Eat: The Italians Got It Right

Although I've been to Milan in November, when the city is grey and cold, I never think of Italy as a place that suffers winter. This is foolish, of course. It has its own set of Alps, which means winter is a thing it has to deal with, probably once a year or so. I, however, am affected by a much longer trip to Italy that I took a few* summers back, when H1 and I meandered around Italy with a car and a tent, restricted in where we went only by our flight back home from Venice. Those eleven blissful days fixed the idea that Italy is endless summer firmly in my mind. A couple of seconds to think about the high comfort factor of so many of their dishes quickly proves that thought wrong, though. Would a country that was perpetually warm rely so heavily on pasta? Or bread? Or, most importantly, risotto?

Smoked Salmon Risotto
Smoked Salmon Risotto

Maybe. Because all those things are incredible, and I, for one, eat them all year round. Still, if I was only allowed to eat them in one season, I'd choose winter, without a doubt. On a cold night, nothing can beat Italian food.

It was just such a night when I last decided to make risotto. I went out that day knowing I had to buy something to eat for dinner, but without a clue as to what I wanted. A wander around Citarella and a quick stop by the smoked fish counter, and I had my answer. I wanted risotto. Specifically, smoked salmon risotto with lemon.

When life gives you lemons...
When life gives you lemons...

I make risotto in a kind of lazy way, because I will never be the sort of person who has the patience to stand by the stove, stirring, for the entire time I'm cooking. I've heard that you're missing out on maximum creaminess by not doing this, but I've also heard that it's the last couple of minutes that really make the difference. If I do say so myself, my risotto tastes pretty good, so I think the latter technique is pretty effective - and if the other way is better, I'll never know.

Smoked Salmon Risotto (serves 2)


  • 1/4 lb. smoked salmon, flaked
  • 1/2 small lemon
  • 1/2 medium white onion, chopped
  • 1 cup arborio rice
  • 2 cups vegetable stock (fish would obviously work, but I never have it)
  • Generous amount of ground black pepper
  • Olive oil
  • A handful of baby spinach leaves, chopped roughly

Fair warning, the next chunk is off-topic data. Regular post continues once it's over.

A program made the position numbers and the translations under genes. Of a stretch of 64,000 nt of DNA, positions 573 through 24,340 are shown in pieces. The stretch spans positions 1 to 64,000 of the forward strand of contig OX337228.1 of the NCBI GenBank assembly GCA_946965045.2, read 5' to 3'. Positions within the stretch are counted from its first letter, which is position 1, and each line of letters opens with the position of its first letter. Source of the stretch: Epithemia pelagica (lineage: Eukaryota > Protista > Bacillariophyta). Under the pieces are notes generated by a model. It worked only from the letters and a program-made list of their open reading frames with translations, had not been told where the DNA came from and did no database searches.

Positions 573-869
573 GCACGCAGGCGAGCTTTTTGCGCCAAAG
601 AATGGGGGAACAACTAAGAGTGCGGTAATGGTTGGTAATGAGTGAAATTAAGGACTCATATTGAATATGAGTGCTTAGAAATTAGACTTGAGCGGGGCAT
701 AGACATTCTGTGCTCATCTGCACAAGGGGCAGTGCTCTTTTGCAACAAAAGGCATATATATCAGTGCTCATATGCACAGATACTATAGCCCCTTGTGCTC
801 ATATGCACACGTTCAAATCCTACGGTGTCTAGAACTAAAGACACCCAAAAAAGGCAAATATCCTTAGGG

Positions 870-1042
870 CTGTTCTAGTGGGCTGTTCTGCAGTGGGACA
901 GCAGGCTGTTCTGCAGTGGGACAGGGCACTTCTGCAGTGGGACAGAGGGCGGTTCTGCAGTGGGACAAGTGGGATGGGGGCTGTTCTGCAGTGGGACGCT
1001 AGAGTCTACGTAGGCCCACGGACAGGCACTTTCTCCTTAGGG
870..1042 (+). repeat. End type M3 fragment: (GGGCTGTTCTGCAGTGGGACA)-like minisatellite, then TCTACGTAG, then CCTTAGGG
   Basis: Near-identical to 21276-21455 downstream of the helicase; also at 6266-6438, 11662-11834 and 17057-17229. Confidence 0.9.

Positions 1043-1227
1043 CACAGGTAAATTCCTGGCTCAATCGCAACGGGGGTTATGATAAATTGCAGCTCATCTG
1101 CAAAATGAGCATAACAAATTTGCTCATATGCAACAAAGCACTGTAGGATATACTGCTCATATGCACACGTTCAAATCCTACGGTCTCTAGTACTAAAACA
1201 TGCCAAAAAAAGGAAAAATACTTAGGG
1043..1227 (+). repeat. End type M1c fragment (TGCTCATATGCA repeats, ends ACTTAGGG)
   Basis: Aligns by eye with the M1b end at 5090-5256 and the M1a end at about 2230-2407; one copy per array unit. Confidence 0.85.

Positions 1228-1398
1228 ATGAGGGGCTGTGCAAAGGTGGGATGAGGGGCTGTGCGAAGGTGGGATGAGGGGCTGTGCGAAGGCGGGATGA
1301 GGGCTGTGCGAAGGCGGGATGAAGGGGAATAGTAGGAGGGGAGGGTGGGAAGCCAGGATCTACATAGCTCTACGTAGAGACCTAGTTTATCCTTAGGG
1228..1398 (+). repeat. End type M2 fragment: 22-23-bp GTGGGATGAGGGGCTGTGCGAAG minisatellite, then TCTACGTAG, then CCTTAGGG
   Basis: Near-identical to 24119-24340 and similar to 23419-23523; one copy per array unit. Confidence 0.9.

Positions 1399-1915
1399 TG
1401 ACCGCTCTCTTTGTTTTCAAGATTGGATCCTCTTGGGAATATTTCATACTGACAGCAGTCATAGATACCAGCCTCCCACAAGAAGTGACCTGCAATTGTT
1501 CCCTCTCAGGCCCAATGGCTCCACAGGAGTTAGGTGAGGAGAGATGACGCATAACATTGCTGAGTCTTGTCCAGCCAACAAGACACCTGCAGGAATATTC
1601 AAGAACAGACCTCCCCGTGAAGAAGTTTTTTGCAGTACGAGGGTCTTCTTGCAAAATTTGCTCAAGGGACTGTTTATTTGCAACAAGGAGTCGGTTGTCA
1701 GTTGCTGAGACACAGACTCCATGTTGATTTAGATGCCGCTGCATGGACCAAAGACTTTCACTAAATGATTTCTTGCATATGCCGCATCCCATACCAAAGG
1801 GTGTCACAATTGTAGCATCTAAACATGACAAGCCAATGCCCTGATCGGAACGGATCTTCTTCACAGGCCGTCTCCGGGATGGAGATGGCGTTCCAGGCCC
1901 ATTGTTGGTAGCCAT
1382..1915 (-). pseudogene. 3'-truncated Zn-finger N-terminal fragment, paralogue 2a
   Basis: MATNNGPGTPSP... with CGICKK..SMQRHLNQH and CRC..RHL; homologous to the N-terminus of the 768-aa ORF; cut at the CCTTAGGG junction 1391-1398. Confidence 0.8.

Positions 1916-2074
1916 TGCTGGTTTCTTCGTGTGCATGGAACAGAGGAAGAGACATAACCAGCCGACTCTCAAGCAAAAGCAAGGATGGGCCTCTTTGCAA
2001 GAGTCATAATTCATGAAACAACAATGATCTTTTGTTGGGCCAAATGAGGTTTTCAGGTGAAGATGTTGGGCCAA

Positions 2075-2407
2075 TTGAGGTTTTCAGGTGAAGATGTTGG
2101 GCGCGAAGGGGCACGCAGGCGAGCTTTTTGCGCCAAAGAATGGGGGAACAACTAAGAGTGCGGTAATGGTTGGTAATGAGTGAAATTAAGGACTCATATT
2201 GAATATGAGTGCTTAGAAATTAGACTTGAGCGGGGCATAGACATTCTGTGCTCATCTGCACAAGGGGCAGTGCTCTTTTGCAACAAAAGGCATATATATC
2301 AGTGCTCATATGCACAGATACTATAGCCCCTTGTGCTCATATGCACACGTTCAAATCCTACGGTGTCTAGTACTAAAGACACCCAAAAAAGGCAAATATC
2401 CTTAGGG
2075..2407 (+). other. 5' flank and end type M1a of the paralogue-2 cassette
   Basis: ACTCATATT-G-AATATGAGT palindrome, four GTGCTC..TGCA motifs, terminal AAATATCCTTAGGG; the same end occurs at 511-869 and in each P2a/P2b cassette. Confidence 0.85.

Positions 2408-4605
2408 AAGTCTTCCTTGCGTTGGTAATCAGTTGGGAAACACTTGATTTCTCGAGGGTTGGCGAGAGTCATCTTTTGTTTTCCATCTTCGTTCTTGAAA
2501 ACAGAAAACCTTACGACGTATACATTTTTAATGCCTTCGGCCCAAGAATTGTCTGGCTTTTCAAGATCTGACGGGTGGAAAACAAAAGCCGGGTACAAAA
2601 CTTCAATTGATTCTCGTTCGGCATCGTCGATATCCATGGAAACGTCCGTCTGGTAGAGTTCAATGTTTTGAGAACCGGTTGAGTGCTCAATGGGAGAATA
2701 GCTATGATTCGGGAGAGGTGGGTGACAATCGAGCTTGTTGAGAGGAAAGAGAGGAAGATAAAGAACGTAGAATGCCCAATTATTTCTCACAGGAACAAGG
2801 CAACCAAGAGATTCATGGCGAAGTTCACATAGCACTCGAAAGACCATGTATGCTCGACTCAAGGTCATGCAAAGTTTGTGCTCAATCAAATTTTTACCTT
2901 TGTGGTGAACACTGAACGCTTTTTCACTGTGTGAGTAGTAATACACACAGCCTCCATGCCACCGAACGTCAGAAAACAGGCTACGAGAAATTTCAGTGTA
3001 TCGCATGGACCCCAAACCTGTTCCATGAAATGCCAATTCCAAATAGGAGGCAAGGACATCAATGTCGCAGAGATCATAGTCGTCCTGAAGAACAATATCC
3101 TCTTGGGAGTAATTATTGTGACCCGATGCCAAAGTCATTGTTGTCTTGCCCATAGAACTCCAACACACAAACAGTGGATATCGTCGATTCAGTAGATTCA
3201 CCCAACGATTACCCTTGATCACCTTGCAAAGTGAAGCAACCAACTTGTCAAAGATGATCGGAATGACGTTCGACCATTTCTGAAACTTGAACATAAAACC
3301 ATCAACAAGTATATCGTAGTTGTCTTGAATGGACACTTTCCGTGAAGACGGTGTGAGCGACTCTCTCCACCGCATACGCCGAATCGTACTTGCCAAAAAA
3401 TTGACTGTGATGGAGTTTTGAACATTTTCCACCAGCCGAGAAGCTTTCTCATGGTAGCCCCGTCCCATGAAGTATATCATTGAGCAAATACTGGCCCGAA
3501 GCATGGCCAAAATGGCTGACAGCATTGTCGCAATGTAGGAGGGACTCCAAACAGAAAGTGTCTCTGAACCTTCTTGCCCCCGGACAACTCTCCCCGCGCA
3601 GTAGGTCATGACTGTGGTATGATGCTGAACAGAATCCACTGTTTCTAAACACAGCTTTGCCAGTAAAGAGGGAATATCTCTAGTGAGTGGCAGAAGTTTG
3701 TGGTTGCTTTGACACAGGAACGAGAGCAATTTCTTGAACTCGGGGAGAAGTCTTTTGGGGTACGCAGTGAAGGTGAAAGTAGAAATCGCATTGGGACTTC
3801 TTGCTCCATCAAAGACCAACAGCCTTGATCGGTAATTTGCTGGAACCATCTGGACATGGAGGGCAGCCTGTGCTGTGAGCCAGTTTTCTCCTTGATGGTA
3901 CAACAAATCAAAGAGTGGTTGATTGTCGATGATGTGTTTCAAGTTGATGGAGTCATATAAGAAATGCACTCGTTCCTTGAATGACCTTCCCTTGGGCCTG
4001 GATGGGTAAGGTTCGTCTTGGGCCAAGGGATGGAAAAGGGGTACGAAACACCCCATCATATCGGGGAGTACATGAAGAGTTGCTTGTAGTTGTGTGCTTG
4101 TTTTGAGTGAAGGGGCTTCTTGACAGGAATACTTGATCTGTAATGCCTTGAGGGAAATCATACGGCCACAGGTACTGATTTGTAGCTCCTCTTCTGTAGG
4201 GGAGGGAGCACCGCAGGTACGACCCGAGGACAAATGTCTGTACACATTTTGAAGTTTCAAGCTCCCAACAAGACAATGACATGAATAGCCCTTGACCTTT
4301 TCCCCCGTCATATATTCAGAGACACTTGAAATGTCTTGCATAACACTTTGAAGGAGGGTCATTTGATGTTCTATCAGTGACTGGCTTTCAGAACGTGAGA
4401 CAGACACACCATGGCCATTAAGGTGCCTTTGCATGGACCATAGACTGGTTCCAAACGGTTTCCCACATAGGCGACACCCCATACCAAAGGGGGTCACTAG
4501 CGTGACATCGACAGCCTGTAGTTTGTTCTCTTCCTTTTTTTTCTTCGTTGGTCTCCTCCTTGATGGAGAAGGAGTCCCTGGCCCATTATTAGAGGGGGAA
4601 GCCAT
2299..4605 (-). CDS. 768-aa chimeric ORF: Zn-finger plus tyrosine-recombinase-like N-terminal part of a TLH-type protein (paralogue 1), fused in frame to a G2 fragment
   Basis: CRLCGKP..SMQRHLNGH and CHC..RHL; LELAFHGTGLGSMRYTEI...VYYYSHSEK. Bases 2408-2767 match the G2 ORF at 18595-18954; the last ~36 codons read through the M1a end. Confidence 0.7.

Gently heat a little olive oil in a heavy-bottomed saucepan, then add chopped onion, and stir until the onion starts to become translucent. Add arborio rice, and stir until all the grains are covered in oil. Don't let the rice or the onion brown.

Coating the arborio rice in oil.
Coating the arborio rice in oil.

Add half a cup of stock (carefully, because this is a prime time to splash yourself with hot oil and stock) and stir until the stock is mostly absorbed. Now, add another cup of stock, give it a stir, and let it simmer while you go do something better than stirring**. Come back and give it another stir every 7 - 10 minutes or so. Make sure it doesn't boil dry - add more stock whenever you need to.

Rice and stock simmering away on the stove.
Rice and stock simmering away on the stove.

After about half an hour, test the rice - it should be nearly done by this stage. You want it soft and fluffy, and bound together by a creamy sauce-type thing. If it's cooked, turn the heat up a little and let the stock boil down until it's nearly as thick as you want it. Let it be a little more liquid than you'd find ideal, in preparation for the final step.

Add the flaked salmon and squeeze the lemon juice in, then stir really quickly. Doing this maximises creaminess. Apparently. But it's not hard, so I've never tried not doing it, and therefore can't vouch for what happens if you don't.

Dish into two bowls, and top with freshly-ground pepper and baby spinach leaves. The pepper is vital for taste, and the baby spinach is vital for reducing your guilt at eating a meal that otherwise would use half a vegetable, and no more. Prego***.

The perfect winter meal.
The perfect winter meal.

*Nearly five, actually - unbelievable.

**Suggested activities include Facebook, a magazine, a not-too-engrossing TV show, or what may best be referred to as 'generally messing around on the internet'. Nothing too interesting, in other words.

***As far as H1 and I could tell on our travels around Italy, prego means whatever you want it to mean. It's a very useful word.